State Lawmakers Leave Albany for the Week, Still No Budget

Albany, NY – The state legislature left for the week without heeding Governor
Paterson's request to vote on his newly revised budget bills.
Meanwhile, Paterson upped the stakes in his battle with lawmakers
over a proposal to furlough of state workers.


Governor Paterson demanded that the legislature consider his latest
budget plan before leaving town for the week. But by the time
lawmakers were ready to adjourn, at around 1 pm Wednesday, the
governor had still not sent the legislation, said Assembly Speaker
Sheldon Silver, who said the bills had arrived just as Assembly
Democrats were to begin their final closed door conference of the
week.


"None of our members have seen the bills," said Silver.


Paterson had delivered a bill that would authorize one day a week
furloughs for state workers, until the budget, now nearly one month
late, is completed. Speaker Silver says the Assembly would not
approve the measure, because the furloughs would violate the unions'
contracts with the state, signed and agreed upon three years ago.


"The legislature doesn't provide the aura of legality to that which
is illegal," said Silver.


The speaker says the governor of California, Arnold Schwarzenegger,
tried to furlough state workers in violation of union contracts. A
judge ordered the money be paid back, with interest.


"I don't think we want to get into that position here," Silver said.


Paterson and his aides maintain that the furloughs are legal.


The legislation authorizing the furloughs was delivered as a stand
alone bill, but Governor Paterson says the next spending extender,
which would need to be approved by May 10th, will include the
furloughs. Lawmakers would be forced to choose between approving the
furloughs or shutting down government. The governor says it's not his
intent to force a showdown, but he says he's increasingly frustrated
with the lack of action on the budget crisis.


"Nobody seems to want to do anything except point the finger in a
different direction," Paterson said. "And I'm going to stop it".


Speaker Silver says he'll cross the bridge of whether to choose
furloughs for state workers or a government shut down, when he comes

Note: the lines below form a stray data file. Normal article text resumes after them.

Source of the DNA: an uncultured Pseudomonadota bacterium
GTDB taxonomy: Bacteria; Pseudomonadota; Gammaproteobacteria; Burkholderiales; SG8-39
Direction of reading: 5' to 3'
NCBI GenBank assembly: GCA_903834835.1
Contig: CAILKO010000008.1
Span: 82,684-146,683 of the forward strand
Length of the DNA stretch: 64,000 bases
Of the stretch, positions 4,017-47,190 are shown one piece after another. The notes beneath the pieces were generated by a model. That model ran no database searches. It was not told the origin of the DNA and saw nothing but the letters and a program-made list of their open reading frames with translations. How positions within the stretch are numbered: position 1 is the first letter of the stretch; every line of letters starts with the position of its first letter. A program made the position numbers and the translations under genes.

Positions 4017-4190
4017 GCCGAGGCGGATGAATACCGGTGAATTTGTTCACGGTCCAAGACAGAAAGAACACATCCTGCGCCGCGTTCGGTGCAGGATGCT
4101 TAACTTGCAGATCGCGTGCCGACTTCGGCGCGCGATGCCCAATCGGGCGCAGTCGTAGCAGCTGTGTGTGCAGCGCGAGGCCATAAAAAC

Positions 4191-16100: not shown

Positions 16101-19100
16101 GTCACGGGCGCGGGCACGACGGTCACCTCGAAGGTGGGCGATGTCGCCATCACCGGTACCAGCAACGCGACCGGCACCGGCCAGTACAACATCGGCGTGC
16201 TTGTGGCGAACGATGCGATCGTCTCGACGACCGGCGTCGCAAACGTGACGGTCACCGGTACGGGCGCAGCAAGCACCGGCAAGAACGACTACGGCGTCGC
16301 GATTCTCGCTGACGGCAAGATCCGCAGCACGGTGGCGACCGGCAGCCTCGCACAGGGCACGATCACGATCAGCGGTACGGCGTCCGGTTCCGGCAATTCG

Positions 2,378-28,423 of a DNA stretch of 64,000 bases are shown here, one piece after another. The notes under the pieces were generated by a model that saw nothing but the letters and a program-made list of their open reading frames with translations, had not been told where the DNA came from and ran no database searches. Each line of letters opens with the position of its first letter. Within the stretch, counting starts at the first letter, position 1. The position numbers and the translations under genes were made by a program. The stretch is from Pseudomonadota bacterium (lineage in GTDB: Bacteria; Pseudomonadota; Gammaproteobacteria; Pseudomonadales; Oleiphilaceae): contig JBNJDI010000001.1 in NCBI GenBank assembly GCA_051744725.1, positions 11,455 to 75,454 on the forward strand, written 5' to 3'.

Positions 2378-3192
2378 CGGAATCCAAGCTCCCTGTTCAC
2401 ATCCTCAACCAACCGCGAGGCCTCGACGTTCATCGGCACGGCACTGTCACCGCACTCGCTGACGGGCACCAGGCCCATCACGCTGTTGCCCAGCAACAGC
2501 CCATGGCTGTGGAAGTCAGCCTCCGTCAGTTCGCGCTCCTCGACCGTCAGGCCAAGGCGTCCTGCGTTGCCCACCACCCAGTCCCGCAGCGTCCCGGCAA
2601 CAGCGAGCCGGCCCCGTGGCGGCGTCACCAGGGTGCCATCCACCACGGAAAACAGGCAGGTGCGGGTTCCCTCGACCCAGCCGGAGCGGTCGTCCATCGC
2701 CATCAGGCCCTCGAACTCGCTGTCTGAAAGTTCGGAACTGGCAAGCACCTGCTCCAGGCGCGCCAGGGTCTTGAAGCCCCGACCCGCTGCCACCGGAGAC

to it. But the Assembly's second in command, Majority Leader Ron
Canestrari says, reluctantly, if given that choice, he'd be forced to
vote for the extenders, even with the furlough provisions.


"I have to," said Canestrari. "We cannot close down state government."


Canestrari represents portions of Albany and surrounding areas, and
has a large proportion of state workers as constituents.


Union leaders have been seething over the proposed furloughs, calling
them a violation of their contracts and preparing to go to court.
CSEA President Danny Donohue issued a one word response to Paterson's
proposal on Tuesday. "Nuts" was his answer. Some have taken that as a
reference to the response of General Anthony McAuliffe to the Germans
during World War II, who were demanding surrender before what became
known as the Battle of the Bulge. Governor Paterson says the
comparison is inappropriate.


"I really worry about a mind that feels comfortable making that
comparison," Paterson said. "


A spokesman for the CSEA, said in an e-mail message, that Donohue's
original comment stands.


Tom Comanzo, the Vice President of the Public Employees Federation,
the other major state worker union, says for over a year, unions have
been offering ideas to the governor, including curtailing expensive
private contractors, but he says the governor has not listened.


"What's unfortunate is that the governor has chosen to negotiate in
the press instead of talking with us directly," said Comanzo.


And Comanzo says state employees have made a number of concessions
already, as the work force has been steadily squeezed through
attrition and other cost cutting measures undertaken over the last
couple of years.


The Senate also adjourned without acting on the governor's furlough
and budget proposals, but offered no official comment. Senate
Democrats are struggling with other troubles, including new charges
by State Attorney General Andrew Cuomo against Senate Majority Leader
Pedro Espada. There's also a furor over remarks made by Senator Kevin
Parker, an African American, who is accusing some white Senate
Republicans of racism, a charge they deny.